Chief Minister of Delhi Arvind Kejriwal on November 18 said that the Odd-even scheme is no longer required further as the weather of the capital has cleared up.

The third edition of the Delhi Odd-even scheme, which was implemented from 4th November, came to an end on 15th November. Kejriwal in a press conference said, “There is no longer need of the Odd-even scheme now as the skies have cleared up.”

The Odd-even scheme prohibited the functioning of private vehicles based on the last digits of their registration numbers. Vehicles with even digits were only allowed to ride on even days, and those with odd numbers on odd days.

There were speculations that the Delhi Chief Minister Arvind Kejriwal might extend the Odd-even road rationing scheme if the pollution level in the national capital did not reduce.

According to the Central Pollution Control Board data, the national capital saw 5 days each of very poor and severe air quality. On November 12, the AQI entered the severe zone (425) and has continued to deteriorate further, PTI reported.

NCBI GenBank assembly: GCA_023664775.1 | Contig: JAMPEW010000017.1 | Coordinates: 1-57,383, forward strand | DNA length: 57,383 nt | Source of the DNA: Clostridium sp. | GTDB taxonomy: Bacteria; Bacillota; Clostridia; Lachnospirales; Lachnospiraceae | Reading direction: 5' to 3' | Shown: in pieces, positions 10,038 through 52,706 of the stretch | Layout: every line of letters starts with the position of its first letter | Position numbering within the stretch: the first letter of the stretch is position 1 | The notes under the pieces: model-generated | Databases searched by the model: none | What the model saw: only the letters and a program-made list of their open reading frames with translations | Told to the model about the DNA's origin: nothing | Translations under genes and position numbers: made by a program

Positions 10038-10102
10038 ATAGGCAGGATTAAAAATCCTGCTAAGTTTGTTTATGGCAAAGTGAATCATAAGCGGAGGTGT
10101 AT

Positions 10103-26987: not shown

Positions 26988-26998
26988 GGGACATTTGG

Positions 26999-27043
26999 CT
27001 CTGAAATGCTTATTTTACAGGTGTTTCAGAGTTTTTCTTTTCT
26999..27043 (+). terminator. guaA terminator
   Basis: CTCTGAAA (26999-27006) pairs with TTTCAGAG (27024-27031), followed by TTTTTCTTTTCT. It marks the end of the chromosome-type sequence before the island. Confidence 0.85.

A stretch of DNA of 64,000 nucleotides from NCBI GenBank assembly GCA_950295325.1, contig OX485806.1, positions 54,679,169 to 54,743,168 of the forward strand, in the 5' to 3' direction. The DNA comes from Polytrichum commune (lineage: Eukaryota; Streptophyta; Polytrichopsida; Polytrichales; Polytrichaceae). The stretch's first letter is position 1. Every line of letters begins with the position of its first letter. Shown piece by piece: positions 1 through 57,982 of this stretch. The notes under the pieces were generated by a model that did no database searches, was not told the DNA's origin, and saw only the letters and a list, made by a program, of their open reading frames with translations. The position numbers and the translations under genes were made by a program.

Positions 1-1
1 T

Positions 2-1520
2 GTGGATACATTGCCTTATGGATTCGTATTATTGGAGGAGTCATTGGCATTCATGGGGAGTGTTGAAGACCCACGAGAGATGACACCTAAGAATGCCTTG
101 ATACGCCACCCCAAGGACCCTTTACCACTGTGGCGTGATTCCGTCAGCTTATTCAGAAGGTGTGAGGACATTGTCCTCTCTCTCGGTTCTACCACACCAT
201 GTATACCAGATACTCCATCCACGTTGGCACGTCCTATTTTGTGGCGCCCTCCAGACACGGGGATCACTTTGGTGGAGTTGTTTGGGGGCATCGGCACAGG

The Supreme Court on November 15 said that the Odd-even scheme was not the only solution to control the severe pollution level in Delhi.

Kejriwal has repeatedly blamed neighbouring states Haryana and Punjab for burning the crop residue leading to repeated episodes of smog in Delhi and adjoining areas. He said that these states are disregarding strict directions from the Supreme Court and this has hit Delhi’s image worldwide.

This was the third edition of the Odd-even restrictions, a flagship scheme of the AAP government on private vehicles in Delhi. The first two versions of the initiative were introduced in 2016.

(with inputs from ANI)

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